2020…

Happy New year everyone!! I hope it has started off well. 2020 was the strangest year, and I’ve been going through my photos to remind myself that there were lots of positives mixed in with all the negatives.

I realised that I’ve never looked back at a full year of making before. So I thought it might be interesting to share what I made in 2020, as I didn’t get to show everything on this blog.

Knitting wise I made less than I thought – just 5 handknits. I did cast on other projects, but they were all taken off the needles after a few rows…. I think I just found it hard to settle on anything this year.

My Caramel Cardigan is my favourite, and has been worn almost every week since I made it. I really think it was worth the time it took to figure it out, without using a pattern, and I’d like to try doing something similar this year (and maybe even writing out the pattern this time!)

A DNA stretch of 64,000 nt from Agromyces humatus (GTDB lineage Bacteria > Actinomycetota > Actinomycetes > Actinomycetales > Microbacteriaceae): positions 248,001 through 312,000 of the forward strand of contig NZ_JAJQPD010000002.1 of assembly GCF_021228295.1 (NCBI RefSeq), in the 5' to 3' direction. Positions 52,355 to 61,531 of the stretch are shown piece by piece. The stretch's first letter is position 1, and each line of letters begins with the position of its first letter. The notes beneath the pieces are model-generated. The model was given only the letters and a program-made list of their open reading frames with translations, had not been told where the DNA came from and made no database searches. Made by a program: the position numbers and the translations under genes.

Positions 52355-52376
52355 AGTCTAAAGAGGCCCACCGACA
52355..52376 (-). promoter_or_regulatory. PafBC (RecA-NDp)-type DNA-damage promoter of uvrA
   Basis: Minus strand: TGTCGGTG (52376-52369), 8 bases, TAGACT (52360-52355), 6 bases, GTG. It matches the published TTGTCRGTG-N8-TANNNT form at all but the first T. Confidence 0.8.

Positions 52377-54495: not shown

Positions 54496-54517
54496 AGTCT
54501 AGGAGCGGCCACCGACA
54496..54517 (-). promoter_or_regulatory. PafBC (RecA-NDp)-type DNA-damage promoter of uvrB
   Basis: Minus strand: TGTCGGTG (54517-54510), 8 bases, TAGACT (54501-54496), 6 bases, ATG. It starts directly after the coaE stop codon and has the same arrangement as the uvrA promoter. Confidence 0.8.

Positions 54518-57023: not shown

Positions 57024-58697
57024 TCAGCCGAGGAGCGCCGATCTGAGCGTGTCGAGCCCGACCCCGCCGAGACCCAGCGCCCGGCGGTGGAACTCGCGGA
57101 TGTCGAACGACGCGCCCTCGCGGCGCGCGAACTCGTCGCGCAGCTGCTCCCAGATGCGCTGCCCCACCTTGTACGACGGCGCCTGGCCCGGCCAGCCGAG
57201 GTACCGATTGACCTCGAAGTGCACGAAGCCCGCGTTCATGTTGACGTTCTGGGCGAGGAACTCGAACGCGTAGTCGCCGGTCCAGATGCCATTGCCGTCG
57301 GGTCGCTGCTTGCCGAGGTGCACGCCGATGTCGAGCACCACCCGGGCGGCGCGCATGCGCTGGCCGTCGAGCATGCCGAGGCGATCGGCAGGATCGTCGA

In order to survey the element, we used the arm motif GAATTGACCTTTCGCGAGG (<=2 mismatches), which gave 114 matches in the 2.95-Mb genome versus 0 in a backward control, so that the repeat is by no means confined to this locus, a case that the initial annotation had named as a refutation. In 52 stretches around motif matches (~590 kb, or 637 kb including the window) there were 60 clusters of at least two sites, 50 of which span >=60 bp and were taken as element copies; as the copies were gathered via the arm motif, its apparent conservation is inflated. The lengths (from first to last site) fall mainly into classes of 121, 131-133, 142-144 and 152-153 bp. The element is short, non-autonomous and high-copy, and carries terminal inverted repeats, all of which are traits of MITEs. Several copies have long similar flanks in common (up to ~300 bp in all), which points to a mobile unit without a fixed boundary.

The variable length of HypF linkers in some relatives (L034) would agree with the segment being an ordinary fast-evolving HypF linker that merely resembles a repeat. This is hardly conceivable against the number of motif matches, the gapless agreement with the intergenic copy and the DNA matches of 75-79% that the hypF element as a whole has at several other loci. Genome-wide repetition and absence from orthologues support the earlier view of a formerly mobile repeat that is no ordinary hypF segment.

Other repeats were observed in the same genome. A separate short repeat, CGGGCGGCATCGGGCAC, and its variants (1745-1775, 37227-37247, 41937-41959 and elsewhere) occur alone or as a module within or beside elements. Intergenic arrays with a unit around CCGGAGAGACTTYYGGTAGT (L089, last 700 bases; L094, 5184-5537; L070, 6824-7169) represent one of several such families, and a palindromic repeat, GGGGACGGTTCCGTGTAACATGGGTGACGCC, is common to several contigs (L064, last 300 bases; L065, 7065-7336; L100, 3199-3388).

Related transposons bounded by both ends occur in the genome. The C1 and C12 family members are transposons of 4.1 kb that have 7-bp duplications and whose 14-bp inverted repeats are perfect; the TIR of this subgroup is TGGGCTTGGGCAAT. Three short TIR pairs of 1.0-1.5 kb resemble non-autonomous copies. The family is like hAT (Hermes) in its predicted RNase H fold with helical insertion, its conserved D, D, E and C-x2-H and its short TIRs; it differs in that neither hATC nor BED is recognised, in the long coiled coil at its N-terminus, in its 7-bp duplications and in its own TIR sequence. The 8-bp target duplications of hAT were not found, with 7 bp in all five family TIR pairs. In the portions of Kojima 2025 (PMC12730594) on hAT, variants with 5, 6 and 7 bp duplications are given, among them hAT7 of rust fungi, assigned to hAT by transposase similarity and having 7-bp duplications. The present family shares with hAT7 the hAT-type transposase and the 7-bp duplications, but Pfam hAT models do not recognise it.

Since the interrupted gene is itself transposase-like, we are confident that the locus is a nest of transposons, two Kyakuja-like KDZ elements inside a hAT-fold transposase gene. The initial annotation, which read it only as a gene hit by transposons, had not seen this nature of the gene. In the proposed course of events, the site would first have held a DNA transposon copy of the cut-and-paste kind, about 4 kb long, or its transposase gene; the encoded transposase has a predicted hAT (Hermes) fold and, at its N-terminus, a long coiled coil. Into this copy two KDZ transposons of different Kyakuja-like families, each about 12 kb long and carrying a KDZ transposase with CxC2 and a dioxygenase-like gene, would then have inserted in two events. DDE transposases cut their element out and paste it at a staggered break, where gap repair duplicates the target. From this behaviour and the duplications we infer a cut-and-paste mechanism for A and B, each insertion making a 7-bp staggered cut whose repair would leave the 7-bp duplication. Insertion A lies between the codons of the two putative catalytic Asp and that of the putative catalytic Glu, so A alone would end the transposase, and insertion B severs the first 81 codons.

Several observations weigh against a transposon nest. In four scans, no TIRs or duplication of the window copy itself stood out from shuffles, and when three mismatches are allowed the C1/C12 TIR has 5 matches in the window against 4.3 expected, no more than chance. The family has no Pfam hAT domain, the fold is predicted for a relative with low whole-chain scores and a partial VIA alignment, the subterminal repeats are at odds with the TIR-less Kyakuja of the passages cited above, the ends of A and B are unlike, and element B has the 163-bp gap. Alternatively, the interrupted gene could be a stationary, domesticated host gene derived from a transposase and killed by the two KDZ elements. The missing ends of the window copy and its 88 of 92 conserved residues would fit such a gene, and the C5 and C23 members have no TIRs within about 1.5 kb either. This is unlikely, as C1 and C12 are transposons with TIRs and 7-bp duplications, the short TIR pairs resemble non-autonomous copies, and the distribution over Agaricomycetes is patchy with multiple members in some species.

My Caramel Cardigan
Soldotna
Fuss free baby Cardigan (free pattern on Ravelry)
My 2nd Sunday Cardigan by Petiteknit

I’d also like to make another Sunday Cardigan, it’s a shape that really suits me and works up quickly too.

I had wanted to try more crafts this year like embroidery, painting, or weaving. The May Bank Holiday weekend threw some weaving material my way, when my husband was clearing the garden and I used the flexible brambles to make a basket:

It dried out nicely and while it’s not as strong as a willow basket, it held its shape perfectly.

That led to me signing up for a one day, (group of 4) willow basketry course in August when restrictions had been lifted. (I had attended one of these classes a few years ago).

This time I came home with a very sturdy willow basket:

And now I’m dreaming of a Sally garden with my own willow… Some day!

I tried out some embroidery/applique on a RTW tee shirt:

I also tried needlepunch for the first time. I bought an Amy Oxford punch needle that works with dk/aran weight wool, so that I could use up my leftover Yarn: